Extract from Thomas Jefferson to Albert Gallatin
|Dear Sir||Monticello. [before 6 June 1817]|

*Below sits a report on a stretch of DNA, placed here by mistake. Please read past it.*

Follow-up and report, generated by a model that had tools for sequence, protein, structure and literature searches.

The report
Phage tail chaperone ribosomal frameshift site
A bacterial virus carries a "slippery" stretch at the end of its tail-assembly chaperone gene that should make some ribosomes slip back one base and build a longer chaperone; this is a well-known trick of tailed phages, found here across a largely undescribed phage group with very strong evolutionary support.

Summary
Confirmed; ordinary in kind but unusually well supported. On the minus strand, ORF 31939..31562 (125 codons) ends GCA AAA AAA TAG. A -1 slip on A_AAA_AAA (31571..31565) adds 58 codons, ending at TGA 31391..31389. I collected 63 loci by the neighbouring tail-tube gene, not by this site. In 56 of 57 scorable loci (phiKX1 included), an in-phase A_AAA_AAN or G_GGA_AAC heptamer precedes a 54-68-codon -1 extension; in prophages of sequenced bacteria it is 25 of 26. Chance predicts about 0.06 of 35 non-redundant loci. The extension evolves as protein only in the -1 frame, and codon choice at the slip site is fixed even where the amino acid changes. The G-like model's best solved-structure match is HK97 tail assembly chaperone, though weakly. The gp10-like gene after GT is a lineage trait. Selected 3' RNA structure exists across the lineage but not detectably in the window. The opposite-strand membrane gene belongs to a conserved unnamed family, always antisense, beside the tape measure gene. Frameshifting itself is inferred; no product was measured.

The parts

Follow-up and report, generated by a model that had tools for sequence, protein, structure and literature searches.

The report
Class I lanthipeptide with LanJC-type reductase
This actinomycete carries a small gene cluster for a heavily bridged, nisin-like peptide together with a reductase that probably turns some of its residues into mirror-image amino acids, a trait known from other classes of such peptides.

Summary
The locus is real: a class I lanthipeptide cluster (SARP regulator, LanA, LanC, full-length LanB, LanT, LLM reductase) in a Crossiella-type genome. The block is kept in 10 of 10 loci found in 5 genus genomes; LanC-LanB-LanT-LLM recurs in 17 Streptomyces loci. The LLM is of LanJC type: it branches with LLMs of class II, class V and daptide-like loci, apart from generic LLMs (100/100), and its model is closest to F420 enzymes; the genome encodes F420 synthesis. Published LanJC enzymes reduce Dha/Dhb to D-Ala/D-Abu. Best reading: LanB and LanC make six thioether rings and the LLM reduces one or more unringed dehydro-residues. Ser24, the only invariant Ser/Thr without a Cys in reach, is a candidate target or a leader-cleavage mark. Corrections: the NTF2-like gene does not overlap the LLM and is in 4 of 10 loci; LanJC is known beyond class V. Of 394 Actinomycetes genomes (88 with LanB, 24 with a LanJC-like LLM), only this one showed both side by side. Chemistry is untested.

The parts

you will have learnt that an act for internal improvement, after passing both houses, was negatived by the President. the act was founded avowedly on the principle that the phrase in the constitution which authorises Congress ‘to lay taxes to pay the debts and provide for the general welfare’ was an extension [. . .] of the powers specifically enumerated to whatever would promote the general welfare; and this, you know, was the federal doctrine: whereas our tenet ever was, and indeed it is almost the only landmark which now divides the federalists from the republicans, that Congress had not unlimited powers to provide for the general welfare, but were restrained to those specifically enumerated; and that, as it was never meant they should provide for that welfare but by the exercise of the enumerated powers, so it could not have been meant they should raise money for purposes which the enumeration did not [. . .] place under their action: consequently that the specification of powers is a limitation of the purposes for which they may raise money.